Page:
Not only Fidesz critics found the speech wanting. László Bartus, editor-in-chief of Amerikai Magyar Népszava, was appalled by Botka’s misunderstanding of “the essence of the regime.” In his speech the candidate divided the voters into the satisfied and the dissatisfied. As he put it, “2018 will be decided between the satisfied and the dissatisfied voters. The satisfied ones will vote for Orbán, the dissatisfied for Botka. The choice is simple: Orbán or Botka.” Bartus finds this primitive Marxist worldview not to his liking. What about human rights, freedom, law, culture, intellectual values, human relationships, and principles? His conclusion is that MSZP in 27 years has been unable to shed its origins.
Tamás Bauer, formerly an SZDSZ member of parliament, was also unhappy with Botka’s speech and the ideas behind it. Bauer especially disliked the “Rich should pay” slogan, although I don’t believe that Botka wants to take rich folks’ money and give it to the poor, Robin Hood style, but only wants to send a message that the era of the flat tax is over and better off people will have to pay higher taxes. What really bothered Bauer was something that Gyula Molnár, the MSZP chairman, said in his speech: “Those who are not with us are with them,” meaning Fidesz. Doesn’t Molnár know the origin of this sentence, Bauer asks? It was Mátyás Rákosi who said “those who are not with us are against us.” It was this terrible concept that János Kádár changed to “those who are not against us are with us.” Clearly, Bauer worries about the electoral cooperation of democratic forces. The socialists “don’t seem to care about their allies, whom they humiliate.” Bauer, who is a DK member, obviously has Ferenc Gyurcsány and the leaders of other democratic parties in mind. As a professor of economics, Bauer is also worried about all the promises Botka made. Where will the money come from to pay for them?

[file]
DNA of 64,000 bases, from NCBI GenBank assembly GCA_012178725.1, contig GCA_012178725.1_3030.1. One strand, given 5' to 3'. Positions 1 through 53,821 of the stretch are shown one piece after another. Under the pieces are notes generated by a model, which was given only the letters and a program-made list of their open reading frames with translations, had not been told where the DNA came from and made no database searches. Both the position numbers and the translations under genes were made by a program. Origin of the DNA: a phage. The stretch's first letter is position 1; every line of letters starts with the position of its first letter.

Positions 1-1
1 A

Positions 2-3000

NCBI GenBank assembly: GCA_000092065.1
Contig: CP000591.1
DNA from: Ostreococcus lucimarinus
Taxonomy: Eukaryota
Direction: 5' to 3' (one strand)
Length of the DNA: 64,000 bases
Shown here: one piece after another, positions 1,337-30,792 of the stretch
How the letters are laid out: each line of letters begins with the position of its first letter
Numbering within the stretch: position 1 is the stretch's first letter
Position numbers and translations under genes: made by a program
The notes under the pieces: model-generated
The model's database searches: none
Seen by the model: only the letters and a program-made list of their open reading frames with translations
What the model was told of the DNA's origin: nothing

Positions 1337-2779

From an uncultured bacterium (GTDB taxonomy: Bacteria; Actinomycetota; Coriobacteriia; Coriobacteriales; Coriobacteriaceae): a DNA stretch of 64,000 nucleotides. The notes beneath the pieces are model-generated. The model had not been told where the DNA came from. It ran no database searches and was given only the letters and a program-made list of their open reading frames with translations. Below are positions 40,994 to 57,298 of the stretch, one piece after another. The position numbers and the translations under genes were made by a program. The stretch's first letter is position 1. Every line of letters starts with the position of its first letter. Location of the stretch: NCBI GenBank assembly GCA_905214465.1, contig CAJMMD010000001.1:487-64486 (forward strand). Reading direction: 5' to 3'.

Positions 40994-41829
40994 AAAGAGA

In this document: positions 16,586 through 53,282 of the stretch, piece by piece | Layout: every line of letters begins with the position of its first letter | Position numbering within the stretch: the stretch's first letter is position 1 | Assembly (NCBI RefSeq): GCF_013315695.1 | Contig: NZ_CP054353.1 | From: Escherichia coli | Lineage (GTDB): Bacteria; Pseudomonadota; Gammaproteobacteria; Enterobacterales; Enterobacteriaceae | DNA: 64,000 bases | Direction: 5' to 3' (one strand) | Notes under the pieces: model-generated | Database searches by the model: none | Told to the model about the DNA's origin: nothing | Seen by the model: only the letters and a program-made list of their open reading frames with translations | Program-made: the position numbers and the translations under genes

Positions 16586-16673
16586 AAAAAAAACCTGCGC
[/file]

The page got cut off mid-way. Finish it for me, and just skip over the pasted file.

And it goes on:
Botka promised to introduce a subsistence minimum, to raise the salaries of civil servants, to cut the taxes of low income people, to raise the minimum wage and exempt it from taxation, to strengthen the rights of employees, to spend money on hospitals and schools instead of on stadiums, to launch a comprehensive rental housing program, to double the pension minimum, and to restore the thirteenth-month pensions. This promise tsunami strikes me as irresponsible. We know only too well that one of the problems with the economic policies of past governments stemmed from offering financial incentives to the electorate in exchange for votes. Time and again, it became obvious that government expenditures were too high and the national debt was increasing. Quickly enough, austerity programs had to be introduced. Perhaps one of the worst decisions was the Gyurcsány government’s introduction of the extra-month pension, which had to be taken away in early 2009 after the financial crisis hit Hungary. So, for anyone with a half decent memory, the promise of a thirteenth-month pension has a bad ring to it. I think that if MSZP wanted to raise pensions, it should have done so in some other way.
Today, Ferenc Gyurcsány congratulated Botka and suggested a meeting, which I doubt will take place anytime soon. The message via István Ujhelyi on ATV was that Botka will be very busy and will not have time for such a meeting.